ChatterPix: Creative Assessment in the Lower Grades

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I recently came across a really fun and free iOs app called ChatterPix by Duck Duck Moose. The app allows you to take a photo, add an animated mouth, and then record up to 30 seconds of audio to make the image talk. Here’s the official description:

ChatterPix Description

Our Kindergarten students recently studied panda bears, so the simplicity of ChatterPix seemed the perfect tool to allow the students to share their learning. With their Kindergarten teacher, Arlene Yegelwel, each student had created a panda picture made of pieces of black construction paper and cotton balls. To create the ChatterPix, students took a photo of their panda bears, with their fingers drew a line across the image to create the panda’s mouths, and then recorded what they had learned about panda bears in class. The final products were saved to the Camera Roll and then uploaded to our school’s Vimeo account. This was a super fun and easy way to assess learning while practicing oral language skills.

I also used ChatterPix with our 1st grade students to record a Chanukkiah song. In Hebrew class, the kids had created Chanukkiahs from pasta in various shapes and sizes glued to wooden boards and then spray-painted in gold. Using the ChatterPix app, the students each took a photo of their creations, drew a line for an imaginary mouth, and recorded a song. While I don’t speak Hebrew, the students’ teacher was able to use the recordings as a quick assessment of student pronunciation and usage of word endings indicating feminine and masculine word endings.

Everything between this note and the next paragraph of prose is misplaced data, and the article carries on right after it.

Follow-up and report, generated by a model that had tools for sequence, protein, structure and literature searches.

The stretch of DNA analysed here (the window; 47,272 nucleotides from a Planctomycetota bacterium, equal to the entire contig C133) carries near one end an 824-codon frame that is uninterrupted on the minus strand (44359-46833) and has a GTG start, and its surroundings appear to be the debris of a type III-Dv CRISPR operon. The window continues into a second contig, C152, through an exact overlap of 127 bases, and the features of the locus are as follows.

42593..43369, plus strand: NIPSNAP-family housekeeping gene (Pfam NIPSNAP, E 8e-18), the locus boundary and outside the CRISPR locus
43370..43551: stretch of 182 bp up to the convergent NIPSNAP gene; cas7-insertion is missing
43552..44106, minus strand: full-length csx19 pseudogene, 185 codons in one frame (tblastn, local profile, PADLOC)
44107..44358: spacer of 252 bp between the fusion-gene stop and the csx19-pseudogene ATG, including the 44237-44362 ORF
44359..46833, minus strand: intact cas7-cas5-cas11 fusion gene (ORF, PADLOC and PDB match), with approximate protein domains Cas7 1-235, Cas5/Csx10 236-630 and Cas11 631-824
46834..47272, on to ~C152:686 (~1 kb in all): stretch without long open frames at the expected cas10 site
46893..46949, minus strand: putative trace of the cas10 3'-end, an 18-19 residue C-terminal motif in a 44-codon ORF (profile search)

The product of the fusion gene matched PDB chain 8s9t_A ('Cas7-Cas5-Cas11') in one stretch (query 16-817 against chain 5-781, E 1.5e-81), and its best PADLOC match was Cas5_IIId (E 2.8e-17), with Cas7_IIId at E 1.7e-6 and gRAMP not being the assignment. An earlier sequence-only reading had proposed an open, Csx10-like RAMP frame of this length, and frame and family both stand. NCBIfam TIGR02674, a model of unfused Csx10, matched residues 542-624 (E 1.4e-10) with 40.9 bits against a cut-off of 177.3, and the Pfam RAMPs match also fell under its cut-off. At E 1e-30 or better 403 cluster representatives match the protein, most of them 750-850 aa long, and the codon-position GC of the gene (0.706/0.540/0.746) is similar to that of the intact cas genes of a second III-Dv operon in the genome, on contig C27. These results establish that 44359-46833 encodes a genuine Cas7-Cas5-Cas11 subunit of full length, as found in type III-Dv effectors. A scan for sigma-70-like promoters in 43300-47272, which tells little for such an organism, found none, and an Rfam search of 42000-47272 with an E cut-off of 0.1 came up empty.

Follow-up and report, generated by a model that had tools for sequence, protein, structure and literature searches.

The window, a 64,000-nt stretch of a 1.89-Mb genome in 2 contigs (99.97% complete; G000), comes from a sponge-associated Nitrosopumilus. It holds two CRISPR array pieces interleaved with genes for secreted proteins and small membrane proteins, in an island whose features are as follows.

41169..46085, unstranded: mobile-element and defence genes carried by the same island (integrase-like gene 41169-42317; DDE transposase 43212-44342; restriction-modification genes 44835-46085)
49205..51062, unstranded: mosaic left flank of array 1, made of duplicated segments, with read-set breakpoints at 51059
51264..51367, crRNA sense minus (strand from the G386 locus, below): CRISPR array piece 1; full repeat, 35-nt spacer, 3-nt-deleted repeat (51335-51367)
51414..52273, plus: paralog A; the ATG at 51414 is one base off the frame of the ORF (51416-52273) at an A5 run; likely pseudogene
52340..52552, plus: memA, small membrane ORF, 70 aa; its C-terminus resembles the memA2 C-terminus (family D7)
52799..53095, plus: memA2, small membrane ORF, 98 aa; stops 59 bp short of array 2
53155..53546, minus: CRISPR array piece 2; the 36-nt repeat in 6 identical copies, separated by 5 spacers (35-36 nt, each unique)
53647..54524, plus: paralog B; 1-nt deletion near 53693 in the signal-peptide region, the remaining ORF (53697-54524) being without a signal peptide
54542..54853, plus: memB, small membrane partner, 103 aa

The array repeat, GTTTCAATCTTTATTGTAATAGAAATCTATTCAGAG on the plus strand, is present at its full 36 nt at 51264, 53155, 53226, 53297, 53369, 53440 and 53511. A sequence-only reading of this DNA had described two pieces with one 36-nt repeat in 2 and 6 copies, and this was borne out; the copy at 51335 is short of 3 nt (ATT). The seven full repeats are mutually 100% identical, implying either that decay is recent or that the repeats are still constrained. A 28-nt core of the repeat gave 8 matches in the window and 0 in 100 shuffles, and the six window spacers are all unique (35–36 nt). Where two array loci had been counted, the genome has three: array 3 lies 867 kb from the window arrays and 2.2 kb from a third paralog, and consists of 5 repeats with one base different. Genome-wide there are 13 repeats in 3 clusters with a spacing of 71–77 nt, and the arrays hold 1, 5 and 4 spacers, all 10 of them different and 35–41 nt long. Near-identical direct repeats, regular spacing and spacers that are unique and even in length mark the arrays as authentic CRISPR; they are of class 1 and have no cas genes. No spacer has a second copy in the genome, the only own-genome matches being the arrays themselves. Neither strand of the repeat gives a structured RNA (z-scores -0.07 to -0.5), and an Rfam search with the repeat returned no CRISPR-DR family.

A couple of days ago two of my 4th grade students were playing around with ChatterPix. One of them had heard about it from her younger sibling. I love that the app is not only simple to use but allows students to be creative–as well as inspires students to have a go at it for extracurricular purposes. And for teachers, it is definitely an easy assessment tool.

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2 thoughts on “ChatterPix: Creative Assessment in the Lower Grades

  1. Hi Karin,
    I loved listening to the Chanukkiah songs done by the Kitah Alef students. This is a very simple song and I’m assuming that it is usually sung as a whole class. So it might be difficult to “catch” the students that are struggling with the pronunciation. This was such a great assessment for the teacher and so cute.

  2. Pingback: Assessment Need Not Be “Terrible, Horrible, No Good, Very Bad!” | Liquid Literacy

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